Publisher © Czech Geological Survey, ISSN: 2336-5757 (online), 0514-8057 (print)

Rudist limestones of the Bílá Hora Formation (Lower-Middle Turonian) near the town of Bílina (NW Bohemia), paleogeography, stratigraphy, sedimentology


Jaroslav Valečka

Geoscience Research Reports 50, 2017, pages 103–110
Map sheets: Bílina (02-34)

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Published online: 10 August 2017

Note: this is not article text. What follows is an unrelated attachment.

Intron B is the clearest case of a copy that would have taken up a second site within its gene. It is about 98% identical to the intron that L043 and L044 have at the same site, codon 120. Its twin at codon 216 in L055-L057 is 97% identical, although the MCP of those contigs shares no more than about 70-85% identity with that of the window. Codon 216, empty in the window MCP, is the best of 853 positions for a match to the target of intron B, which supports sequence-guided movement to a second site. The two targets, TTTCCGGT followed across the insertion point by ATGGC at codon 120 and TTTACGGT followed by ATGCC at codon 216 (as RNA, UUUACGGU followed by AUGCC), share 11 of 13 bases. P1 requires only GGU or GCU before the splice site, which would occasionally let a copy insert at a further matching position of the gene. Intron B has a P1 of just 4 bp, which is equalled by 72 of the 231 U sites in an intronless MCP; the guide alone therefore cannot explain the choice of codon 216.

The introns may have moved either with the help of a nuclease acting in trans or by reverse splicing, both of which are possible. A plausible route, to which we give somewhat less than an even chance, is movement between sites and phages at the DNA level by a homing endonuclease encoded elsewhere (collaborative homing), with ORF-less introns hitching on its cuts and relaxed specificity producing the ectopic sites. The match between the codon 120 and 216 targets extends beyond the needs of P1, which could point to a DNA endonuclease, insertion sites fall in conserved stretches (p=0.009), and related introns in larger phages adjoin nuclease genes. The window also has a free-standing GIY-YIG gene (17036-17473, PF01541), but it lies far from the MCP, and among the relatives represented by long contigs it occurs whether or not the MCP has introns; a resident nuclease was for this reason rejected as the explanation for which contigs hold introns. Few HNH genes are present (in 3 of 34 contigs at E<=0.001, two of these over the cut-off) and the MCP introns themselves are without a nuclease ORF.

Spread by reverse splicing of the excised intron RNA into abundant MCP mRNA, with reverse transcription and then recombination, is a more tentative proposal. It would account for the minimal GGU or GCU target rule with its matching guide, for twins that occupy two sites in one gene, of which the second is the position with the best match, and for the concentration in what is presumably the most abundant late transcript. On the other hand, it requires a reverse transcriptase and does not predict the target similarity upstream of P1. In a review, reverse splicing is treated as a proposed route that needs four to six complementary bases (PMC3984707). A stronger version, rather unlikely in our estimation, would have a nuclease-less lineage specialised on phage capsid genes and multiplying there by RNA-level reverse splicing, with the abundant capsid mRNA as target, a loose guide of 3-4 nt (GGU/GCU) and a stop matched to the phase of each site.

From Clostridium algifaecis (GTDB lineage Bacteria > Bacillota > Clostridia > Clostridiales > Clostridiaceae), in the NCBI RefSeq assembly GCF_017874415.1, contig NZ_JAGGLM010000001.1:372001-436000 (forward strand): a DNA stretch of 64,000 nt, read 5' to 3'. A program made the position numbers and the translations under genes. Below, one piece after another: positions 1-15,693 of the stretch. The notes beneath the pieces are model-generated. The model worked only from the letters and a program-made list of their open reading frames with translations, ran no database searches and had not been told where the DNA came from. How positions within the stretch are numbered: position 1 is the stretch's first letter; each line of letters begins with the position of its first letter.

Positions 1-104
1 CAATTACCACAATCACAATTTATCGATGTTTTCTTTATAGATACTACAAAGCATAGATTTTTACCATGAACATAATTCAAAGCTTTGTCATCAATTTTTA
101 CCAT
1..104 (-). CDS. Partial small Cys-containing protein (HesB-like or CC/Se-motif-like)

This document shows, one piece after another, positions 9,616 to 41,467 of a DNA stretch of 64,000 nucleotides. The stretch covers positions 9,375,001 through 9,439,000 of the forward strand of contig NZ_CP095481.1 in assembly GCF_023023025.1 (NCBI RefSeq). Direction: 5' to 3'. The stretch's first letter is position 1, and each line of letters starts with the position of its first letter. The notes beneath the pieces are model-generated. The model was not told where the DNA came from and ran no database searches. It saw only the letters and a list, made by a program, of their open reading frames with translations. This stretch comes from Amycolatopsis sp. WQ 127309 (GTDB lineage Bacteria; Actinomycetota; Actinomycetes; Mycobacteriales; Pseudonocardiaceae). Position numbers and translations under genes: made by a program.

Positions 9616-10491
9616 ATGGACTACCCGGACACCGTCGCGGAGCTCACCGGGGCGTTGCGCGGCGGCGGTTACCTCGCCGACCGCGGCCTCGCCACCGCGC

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The open lagoon (bay) originated on the foot of a crystalline elevation (the so-called Most-Teplice elevation) during the Lower Turonian transgression at the NNW margin of the Bohemian Cretaceous Basin (Figs 1 and 3). The carbonates up to 12 m thick, due to limited siliciclastic input, deposited in the lagoon. Microfacies analysis enabled to distinguish two microfacies, comparables with SMF 9 and SMF 12-Bs sensu Flügel (2004). Microfacies indicate two various zones in the lagoon with different energy regime. Sparitic, bioclastic grainstones and rudstones with well-rounded and sorted bioclasts providing mutual support were deposited (Figs 4 to 7) in very shallow zone near the beach, under the low tide sea level. Floatstones (micritic carbonates ) with abundant, floating, less rounded and sorted bioclasts accumulated (Figs 8 to 11) in deeper zone with low water energy, below the fair-weather wave base. Except for bioclasts only some peloids were found. The scattered terrestrial grains (quartz, muscovite, gneisses) are present in small amount (max. 3 vol.%). The bioclasts predominantly comprise the fragments of rudist shells (around 95 vol.%). Sparse red algae, echinoderms, bryozoans and molluscs were identified. The siliciclastic sands with sponge spicules admixture simultaneously with carbonates settled in the adjacent open sea. The carbonate sand was transported away from the lagoon, forming thin layers in siliciclastic sands (Fig. 3) during extremely strong storms or ebb currents. The psammitic sequence with thin layers of the rudist carbonates belongs to the uppermost part of the Bílá Hora Formation of the Lower to Middle Turonian (Fig. 2). Rudist carbonates deposited in the lagoon correspond to a simple noncyclic transgressive succession. The sedimentation of rudist carbonates was suddenly terminated due to a rapid sea-level rise during the Middle Turonian transgression. The transgression was followed by sedimentation of basinal marlstones. Marlstones covered both the rudist carbonates and the uppermost part of the crystalline elevation.